Another aspect of their organizational restructuring was reallocating office resources. Leadership wanted to encourage collaboration through open offices, and move more workers to their suburban campus as opposed to their city campus, in response to Dublin’s skyrocketing rents.
Employing the same tactic of conditional fields, hiring managers were asked where new roles would be located. If the job was located in Dublin, hiring managers were then asked to present a business case for hiring an employee there. The hiring team could then immediately forward these requests to the right people to approve.
Now, candidates aren’t surprised by a sudden change in job location, and the leadership knows that the hiring team is helping the meet the company ’s fiscal goals.
Contract workers are often the highest uncontrolled spend for businesses. Hiring managers often prefer using a contractor over hiring a full-time employee, as the latter takes much more time and effort to source and onboard.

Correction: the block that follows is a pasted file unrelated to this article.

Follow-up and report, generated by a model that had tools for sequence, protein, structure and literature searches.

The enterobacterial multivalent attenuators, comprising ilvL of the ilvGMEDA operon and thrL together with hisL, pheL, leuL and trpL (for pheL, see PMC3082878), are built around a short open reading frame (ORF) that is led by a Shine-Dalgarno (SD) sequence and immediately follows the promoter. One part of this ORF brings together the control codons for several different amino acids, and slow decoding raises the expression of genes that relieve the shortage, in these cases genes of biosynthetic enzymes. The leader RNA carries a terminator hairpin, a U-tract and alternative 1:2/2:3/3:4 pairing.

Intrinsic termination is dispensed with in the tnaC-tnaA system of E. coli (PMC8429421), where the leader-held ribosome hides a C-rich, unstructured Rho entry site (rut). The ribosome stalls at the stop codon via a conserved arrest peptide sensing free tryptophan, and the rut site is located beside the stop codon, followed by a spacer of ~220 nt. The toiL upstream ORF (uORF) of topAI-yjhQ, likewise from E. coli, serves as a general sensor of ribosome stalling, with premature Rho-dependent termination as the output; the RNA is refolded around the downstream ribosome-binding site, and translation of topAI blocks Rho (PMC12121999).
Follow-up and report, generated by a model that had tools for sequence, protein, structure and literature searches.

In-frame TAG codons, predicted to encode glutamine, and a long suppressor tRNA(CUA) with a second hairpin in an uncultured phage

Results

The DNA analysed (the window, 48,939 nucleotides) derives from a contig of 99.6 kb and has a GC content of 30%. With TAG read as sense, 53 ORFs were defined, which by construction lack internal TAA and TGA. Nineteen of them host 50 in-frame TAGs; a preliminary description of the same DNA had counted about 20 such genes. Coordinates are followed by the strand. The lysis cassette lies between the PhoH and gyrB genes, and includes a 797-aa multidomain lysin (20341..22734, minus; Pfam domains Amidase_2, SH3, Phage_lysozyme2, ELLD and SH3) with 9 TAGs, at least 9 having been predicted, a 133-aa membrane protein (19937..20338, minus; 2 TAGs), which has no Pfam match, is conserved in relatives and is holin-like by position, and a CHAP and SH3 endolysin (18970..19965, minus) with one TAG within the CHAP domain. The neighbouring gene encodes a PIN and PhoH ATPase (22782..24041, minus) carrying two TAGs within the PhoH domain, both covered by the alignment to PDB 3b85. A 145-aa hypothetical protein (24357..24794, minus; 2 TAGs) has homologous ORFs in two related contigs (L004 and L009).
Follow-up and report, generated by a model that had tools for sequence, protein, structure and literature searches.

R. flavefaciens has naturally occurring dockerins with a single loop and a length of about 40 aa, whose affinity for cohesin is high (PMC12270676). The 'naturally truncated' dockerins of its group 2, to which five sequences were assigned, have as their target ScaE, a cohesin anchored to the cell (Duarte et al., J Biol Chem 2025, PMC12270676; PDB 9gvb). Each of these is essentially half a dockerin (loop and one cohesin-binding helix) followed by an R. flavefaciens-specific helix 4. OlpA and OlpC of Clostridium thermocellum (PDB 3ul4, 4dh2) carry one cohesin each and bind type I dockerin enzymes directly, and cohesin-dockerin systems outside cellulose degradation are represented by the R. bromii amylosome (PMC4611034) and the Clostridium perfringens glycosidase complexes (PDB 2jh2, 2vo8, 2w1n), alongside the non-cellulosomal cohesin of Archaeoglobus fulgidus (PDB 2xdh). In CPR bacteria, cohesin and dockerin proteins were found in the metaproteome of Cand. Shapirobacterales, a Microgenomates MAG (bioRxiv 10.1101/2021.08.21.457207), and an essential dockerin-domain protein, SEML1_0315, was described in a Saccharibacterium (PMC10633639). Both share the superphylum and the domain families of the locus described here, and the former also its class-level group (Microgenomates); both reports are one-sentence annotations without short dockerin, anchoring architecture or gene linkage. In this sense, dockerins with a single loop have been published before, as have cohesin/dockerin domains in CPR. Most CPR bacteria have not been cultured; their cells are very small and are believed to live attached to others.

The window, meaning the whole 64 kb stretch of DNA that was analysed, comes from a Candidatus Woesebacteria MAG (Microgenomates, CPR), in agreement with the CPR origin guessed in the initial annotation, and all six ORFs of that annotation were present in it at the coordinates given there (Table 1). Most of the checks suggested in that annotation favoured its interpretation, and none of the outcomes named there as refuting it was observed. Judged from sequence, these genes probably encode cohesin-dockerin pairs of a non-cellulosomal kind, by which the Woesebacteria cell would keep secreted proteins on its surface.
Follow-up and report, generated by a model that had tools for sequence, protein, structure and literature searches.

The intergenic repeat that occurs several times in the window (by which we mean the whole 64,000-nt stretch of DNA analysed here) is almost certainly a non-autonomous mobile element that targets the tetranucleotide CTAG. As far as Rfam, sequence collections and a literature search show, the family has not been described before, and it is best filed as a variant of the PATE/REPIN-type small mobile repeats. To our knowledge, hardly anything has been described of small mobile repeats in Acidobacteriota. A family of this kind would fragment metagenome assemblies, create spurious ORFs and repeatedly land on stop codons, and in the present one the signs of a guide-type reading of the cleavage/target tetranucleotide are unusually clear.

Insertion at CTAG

To ensure that hiring managers aren’t leaning on freelancers too much, Peter and his team use conditional fields once again to compare the merit of contractor versus full-time employee. Questions like, Where does this budget for this role come from? Does this position need to be interviewed? Is this a new role or an extension? and, what is the equivalent salary of a permanent person?, helped the TA team manage the company’s contingent workforce with greater efficiency and prudence.
What’s worse for candidate experience than arriving for the first day of the job only have no desk, no chair, and no laptop. Most people have seen this situation at least once in their company and aren’t keen to repeat it.
With larger organizations, these small details can fall through the cracks. That’s why the TA team at Link makes hiring managers think about supplies beforehand. As part of a new req the hiring manager must submit supply requests. The hiring team then sends facilities a weekly report with the needs of the new hires, instead of frantic managers calling daily.